Southern Art

Staff Writer
Southern Art

Aside from his silver screen notoriety on popular food shows and the amazing experiences had by the masses at Table Fifty-Two in Chicago, Art and Soul in Washington, D.C., LYFE Kitchen in California's Palo Alto and now Southern Art & Bourbon Bar in Atlanta, the thing that amuses me the most about the mere mention of chef Art Smith is the common recollection of, "Oh yeah, Oprah's chef."

Here in Atlanta, a city with a culinary scene that often seeks to escape it's southern presence, Smith recently (about a year and a half ago) partnered with InterContinental Hotel in Buckhead, and opened Southern Art.

The InterContinental Hotel in Buckhead is one of the most casually elegant, least pretentious hotels in the city of Atlanta. The atmosphere throughout is best described as mellow, plush and modern in terms of the decor, the music and the attitude. For years, it's been an Atlanta favorite for live jazz on weekend evenings.

More than a handful of years ago when the hotel opened as a new build, the one and only restaurant was Au Pied du Cushon--a French themed quasi pork/seafood restaurant--maybe. Bottom-line, the southerners weren't really feeling it. Therefor it faded. Now with a new chef at the helm, a warm, cozy decor doused with modern southern charm, nearly every seat was full on a Friday night visit.

A typical visit could go, say, like this...

The Sparkling Sapphire a $14 fusion of Soho Lychee liqueur with cucumber, lemon, ginger syrup and champagne served martini style was crisp and refreshing with a touch of sweetness balanced out by the ginger and lemon. YUM!

Southern Art features a Ham Bar for an interesting take on charcuterie. And yes, a Ham Bar! Of the near 10 selections, all but one was from the south.

Of the two hams smpled---Father of Breman, KY. at $6 per serving, was a lean sugar cured ham aged 8-12months, and Finchville Farms of Finchville, KY., a $6 per serving, was a sugar, salt, red and black pepper, nitrate free cured ham aged 12 months and quite marbled. Both melted were melt in your mouth delicious, served on a cutting board of house made crackers, a dijon mustard that you'll probably want a jar of to take home, some grainy and a sweet butter that could have very well been eaten alone on crackers.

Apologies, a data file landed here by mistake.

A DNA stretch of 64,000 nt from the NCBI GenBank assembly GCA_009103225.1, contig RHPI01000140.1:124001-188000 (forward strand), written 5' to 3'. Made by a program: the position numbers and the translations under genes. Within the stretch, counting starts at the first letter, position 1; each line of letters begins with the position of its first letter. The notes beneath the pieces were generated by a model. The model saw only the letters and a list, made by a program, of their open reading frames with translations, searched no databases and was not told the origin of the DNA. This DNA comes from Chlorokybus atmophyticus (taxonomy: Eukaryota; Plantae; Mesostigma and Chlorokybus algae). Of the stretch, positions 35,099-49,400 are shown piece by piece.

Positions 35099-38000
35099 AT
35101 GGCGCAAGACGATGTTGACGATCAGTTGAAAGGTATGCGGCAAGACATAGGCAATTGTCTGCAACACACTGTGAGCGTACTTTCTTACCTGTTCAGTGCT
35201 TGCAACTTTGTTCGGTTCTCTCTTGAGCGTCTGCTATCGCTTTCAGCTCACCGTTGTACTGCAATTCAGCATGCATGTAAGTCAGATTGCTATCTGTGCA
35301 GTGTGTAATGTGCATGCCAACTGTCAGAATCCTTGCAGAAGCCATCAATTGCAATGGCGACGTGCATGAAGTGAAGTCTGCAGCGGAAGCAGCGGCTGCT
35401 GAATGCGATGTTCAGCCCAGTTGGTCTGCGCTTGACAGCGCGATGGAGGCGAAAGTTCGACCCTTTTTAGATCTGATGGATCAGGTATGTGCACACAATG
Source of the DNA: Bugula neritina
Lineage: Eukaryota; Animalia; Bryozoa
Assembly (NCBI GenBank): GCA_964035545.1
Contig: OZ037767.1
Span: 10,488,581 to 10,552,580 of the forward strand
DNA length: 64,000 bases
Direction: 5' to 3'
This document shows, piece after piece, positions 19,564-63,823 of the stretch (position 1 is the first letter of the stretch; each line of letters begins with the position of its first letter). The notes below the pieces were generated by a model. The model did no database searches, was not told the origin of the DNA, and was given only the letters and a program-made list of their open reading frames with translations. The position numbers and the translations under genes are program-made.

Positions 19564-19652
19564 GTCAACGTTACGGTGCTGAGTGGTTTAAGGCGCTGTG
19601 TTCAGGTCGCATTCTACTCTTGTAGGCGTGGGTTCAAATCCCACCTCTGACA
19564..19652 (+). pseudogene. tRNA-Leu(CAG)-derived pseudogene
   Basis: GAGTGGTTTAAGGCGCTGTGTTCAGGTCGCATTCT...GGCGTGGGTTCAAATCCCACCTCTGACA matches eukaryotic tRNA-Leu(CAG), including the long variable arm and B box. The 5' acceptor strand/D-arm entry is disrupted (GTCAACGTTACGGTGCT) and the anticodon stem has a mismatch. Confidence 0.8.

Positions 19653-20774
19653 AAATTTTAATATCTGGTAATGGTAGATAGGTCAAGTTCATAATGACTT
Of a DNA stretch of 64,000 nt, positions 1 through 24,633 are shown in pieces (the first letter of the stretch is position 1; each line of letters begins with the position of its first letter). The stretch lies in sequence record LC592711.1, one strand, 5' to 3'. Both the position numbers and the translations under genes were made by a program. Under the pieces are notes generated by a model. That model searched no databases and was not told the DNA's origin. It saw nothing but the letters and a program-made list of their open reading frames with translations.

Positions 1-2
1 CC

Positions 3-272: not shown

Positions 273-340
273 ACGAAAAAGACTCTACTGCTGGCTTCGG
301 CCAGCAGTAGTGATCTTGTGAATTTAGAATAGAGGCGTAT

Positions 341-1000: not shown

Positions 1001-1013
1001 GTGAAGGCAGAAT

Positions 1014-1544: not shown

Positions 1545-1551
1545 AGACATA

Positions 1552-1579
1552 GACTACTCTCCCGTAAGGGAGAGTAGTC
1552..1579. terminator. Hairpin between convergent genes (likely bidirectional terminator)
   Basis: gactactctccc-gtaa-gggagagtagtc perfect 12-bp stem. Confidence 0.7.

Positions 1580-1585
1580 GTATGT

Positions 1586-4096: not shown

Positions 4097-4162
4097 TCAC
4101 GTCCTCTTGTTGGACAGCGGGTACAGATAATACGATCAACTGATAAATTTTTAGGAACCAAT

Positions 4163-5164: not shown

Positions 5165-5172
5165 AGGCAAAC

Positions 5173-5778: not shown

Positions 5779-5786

Soups and Salads
Although the hydroponic salad sounded quite interesting, Addie Mae's $8 a bowl chicken and dumpling soup in a restuarant labeled southern could not be missed. Using his mother's recipe, it is of a rich, buttery, velvety smooth, herb laden broth with strips what seems like pasta in place of dumplings with cubes of chicken all of which I could take or leave for the broth alone. Momma laid this one out!

With several interesting selections to include Smith's version of fried green tomatoes, which he stuffs with goat cheese, the $13 Southern Flatbread won. With creamed corn, his crunchy fried green tomatoes stuffed w/goat cheese and pulled bbq pork, in a word, DAMN!  The crispy fried green tomatoes, savory pulled bbq pork and the sweetness of the corn all made for an amazing merger of textures and flavors worthy of applause!

The $25 Bourbon Glazed Pork Shank is served on braised collards. Prior to serving, the shank is flash fried to create a crisp exterior texture. In the process, mine arrived a little dry inside and, well not as flavorful on the inside as hoped. However, the greens were euphoric.

The $26 Braised Neiman Ranch Pork Cheeks stole the show! Tender enough to break apart with a fork, they were served atop white chedder Johnny cakes on a base of savory mustard creamed leeks, all topped with crispy parsnips. For this recipe, Art should wear a crown!

Last but not least was the $19 Buttermilk Fried Chicken, with whipped potatoes and garlic green beens--which were omitted from my entree trilogy served on one plate. Let's just say dude can fry some chicken...crispy, moist and flavorful!

In the restaurants foyer is a farm table of desserts, prominently displayed and never forgotten. Starring on it---a coconut cake, a pecan pie, a jar of flavored marshmallows and a tray of bourbon laced chocolate covered pops. Omitted from the table was the pretzel pie, something that may be less familiar to the ears of  westerners or northerner. But with it's salty, crunchy pretzel crust, a layer of chocolate, with a luscious caramel-like mousse, it combined to make the perfect combination of salt and sweet. The flaky crusted pecan pie would make any southerner proud. The third item on my plate was a mile high red velvet. Because the cake was served chilled, the flavors seemed to be in hybernation. But try wrapping it to go and revsiting an hour or two later over a late night movie at home for a 360-degree change of heart! The chocolatey flavors will then come alive, bursting with flavor, accented by cream cheese frosting that's perfectly (not overly) sweetened.

All in all, in a region of the country that's often seen and heard kicking and screaming to "go back," Art Smith has done a heck of a job moving forward with the best of the south in heart and on plate!

Southern Art

3315 Peachtree Road, NE

Atlanta, GA.